This report presents findings from a nationally representative household survey conducted exclusively by GfK Custom Research, LLC (GfK), for C.S. Mott Children’s Hospital via a method used in many published studies.  The survey was administered in May 2015 to a randomly selected, stratified group of parents age 18 and older with at least one child age 0-5 (n=264) attending a child care center or preschool. Parents were selected from GfK’s web-enabled KnowledgePanel® that closely resembles the U.S. population. The sample was subsequently weighted to reflect population figures from the Census Bureau. The survey completion rate was 55% among panel members contacted to participate. The margin of error is ± 5 to 8 percentage points.

C.S. Mott Children’s Hospital National Poll on Children’s Health
Director: Matthew M. Davis, MD, MAPP
Faculty Collaborator: Andrew Hashikawa, MD, MS
Associate Director: Sarah J. Clark, MPH
Manager & Editor: Dianne C. Singer, MPH
Data Analyst: Amilcar Matos-Moreno, MPH
Web Editor: Anna Daly Kauffman, BA
Research Associate: Sara L. Schultz, BA

Findings from the C.S. Mott Children's Hospital National Poll on Children's Health do not represent the opinions of the investigators or the opinions of the University of Michigan. The University of Michigan reserves all rights over this material.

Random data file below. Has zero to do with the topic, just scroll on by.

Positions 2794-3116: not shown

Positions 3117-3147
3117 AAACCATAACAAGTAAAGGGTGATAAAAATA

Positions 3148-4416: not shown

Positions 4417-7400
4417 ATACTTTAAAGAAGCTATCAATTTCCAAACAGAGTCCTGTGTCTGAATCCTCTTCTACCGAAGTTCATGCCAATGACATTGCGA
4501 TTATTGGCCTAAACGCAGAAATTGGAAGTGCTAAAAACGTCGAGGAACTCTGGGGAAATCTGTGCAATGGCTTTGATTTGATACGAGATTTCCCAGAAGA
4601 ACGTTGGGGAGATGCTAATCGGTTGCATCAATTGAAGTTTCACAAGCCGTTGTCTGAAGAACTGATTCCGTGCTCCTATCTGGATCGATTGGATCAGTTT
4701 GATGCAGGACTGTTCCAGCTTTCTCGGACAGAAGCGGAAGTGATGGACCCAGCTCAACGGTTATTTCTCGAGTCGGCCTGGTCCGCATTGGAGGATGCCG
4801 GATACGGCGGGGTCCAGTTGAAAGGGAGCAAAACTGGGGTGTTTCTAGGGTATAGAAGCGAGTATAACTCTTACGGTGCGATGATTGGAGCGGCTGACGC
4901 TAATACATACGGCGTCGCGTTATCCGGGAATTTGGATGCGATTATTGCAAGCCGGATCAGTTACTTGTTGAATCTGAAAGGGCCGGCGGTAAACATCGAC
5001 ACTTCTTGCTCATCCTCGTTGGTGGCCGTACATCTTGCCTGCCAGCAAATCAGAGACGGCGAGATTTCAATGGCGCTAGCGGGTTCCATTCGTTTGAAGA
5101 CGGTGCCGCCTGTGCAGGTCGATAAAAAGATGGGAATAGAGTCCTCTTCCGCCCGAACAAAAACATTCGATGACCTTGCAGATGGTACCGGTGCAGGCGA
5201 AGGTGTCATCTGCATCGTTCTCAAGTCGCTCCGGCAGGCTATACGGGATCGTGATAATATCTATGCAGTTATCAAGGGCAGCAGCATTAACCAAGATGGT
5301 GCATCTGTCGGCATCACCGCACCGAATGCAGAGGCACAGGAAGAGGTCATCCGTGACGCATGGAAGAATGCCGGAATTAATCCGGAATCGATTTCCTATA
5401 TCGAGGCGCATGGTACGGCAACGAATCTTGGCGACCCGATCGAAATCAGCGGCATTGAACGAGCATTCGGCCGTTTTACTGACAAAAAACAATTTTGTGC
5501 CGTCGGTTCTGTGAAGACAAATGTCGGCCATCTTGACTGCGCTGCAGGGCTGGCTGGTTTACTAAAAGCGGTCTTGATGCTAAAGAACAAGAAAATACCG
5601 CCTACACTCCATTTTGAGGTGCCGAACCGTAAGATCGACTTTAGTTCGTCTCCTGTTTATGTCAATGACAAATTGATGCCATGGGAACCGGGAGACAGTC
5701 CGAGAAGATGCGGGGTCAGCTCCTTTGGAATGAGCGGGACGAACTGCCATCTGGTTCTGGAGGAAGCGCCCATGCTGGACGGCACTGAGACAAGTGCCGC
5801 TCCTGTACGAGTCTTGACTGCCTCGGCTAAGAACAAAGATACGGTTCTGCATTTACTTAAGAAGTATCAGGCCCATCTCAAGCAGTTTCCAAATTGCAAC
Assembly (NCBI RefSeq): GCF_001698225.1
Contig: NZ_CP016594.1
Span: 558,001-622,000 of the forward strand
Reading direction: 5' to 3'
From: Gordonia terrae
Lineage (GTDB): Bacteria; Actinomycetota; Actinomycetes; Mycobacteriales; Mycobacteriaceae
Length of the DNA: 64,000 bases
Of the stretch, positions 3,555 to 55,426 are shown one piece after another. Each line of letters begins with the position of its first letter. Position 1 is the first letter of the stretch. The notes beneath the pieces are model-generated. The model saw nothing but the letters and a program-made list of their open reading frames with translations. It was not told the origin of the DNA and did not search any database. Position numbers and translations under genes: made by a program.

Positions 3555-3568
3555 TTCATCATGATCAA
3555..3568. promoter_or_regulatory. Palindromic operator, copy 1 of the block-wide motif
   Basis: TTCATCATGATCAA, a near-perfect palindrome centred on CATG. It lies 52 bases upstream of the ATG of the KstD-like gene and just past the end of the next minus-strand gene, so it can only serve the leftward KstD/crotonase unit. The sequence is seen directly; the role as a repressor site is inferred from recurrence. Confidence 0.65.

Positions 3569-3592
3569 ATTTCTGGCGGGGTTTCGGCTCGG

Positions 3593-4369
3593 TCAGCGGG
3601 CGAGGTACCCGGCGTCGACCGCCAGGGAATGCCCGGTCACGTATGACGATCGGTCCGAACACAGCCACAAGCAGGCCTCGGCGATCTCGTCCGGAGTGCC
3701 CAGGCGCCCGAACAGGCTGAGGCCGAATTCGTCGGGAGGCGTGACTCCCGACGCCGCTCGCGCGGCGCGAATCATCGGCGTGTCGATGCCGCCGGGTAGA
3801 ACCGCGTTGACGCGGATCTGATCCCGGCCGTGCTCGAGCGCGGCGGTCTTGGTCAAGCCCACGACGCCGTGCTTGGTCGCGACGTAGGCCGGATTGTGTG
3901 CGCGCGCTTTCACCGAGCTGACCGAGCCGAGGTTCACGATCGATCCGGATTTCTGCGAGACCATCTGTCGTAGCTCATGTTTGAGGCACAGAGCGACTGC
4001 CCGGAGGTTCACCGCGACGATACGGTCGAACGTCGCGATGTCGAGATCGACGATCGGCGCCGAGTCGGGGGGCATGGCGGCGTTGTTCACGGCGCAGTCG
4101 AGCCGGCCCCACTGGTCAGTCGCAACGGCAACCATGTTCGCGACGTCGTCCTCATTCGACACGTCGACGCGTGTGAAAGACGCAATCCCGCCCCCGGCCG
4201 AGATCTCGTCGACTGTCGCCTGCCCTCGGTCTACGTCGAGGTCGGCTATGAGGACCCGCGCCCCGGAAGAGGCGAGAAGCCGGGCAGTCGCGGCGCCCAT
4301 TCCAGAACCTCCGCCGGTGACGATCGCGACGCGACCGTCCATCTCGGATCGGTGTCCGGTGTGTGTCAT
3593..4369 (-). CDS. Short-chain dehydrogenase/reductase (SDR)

Questions were answered by parents with a child age 0-5.

Q1. What type(s) of child care or preschool does your child attend?

  • Child care center
  • Preschool within an elementary school building
  • Preschool NOT within an elementary school building
  • In-home child care provider (not within my home)
  • None
  • Other

Q2. What type of child care or preschool does your child attend most often?

  • Child care center
  • Preschool within an elementary school building
  • Preschool NOT within an elementary school building
  • In-home child care provider (not within my home)

For the next set of questions, “child’s center” will be used to refer to a child care center, preschool or in-home care provider your child attends most often.

Q3. How confident are you with the ability of your child’s center to deal with the following situations?

  Very confident Somewhat confident Not confident
Power outage      
Severe weather (such as a tornado, blizzard, hurricane)      
Evacuation (due to fire, flood, chemical, or gas leak)      
Lock down for a violent situation at the center or in the community      
Delayed parent pick-up (more than 2 hours) due to severe weather or traffic      

Q4. Has your child’s center experienced any of the following situations within the past two years?

  Yes No Unsure
Power outage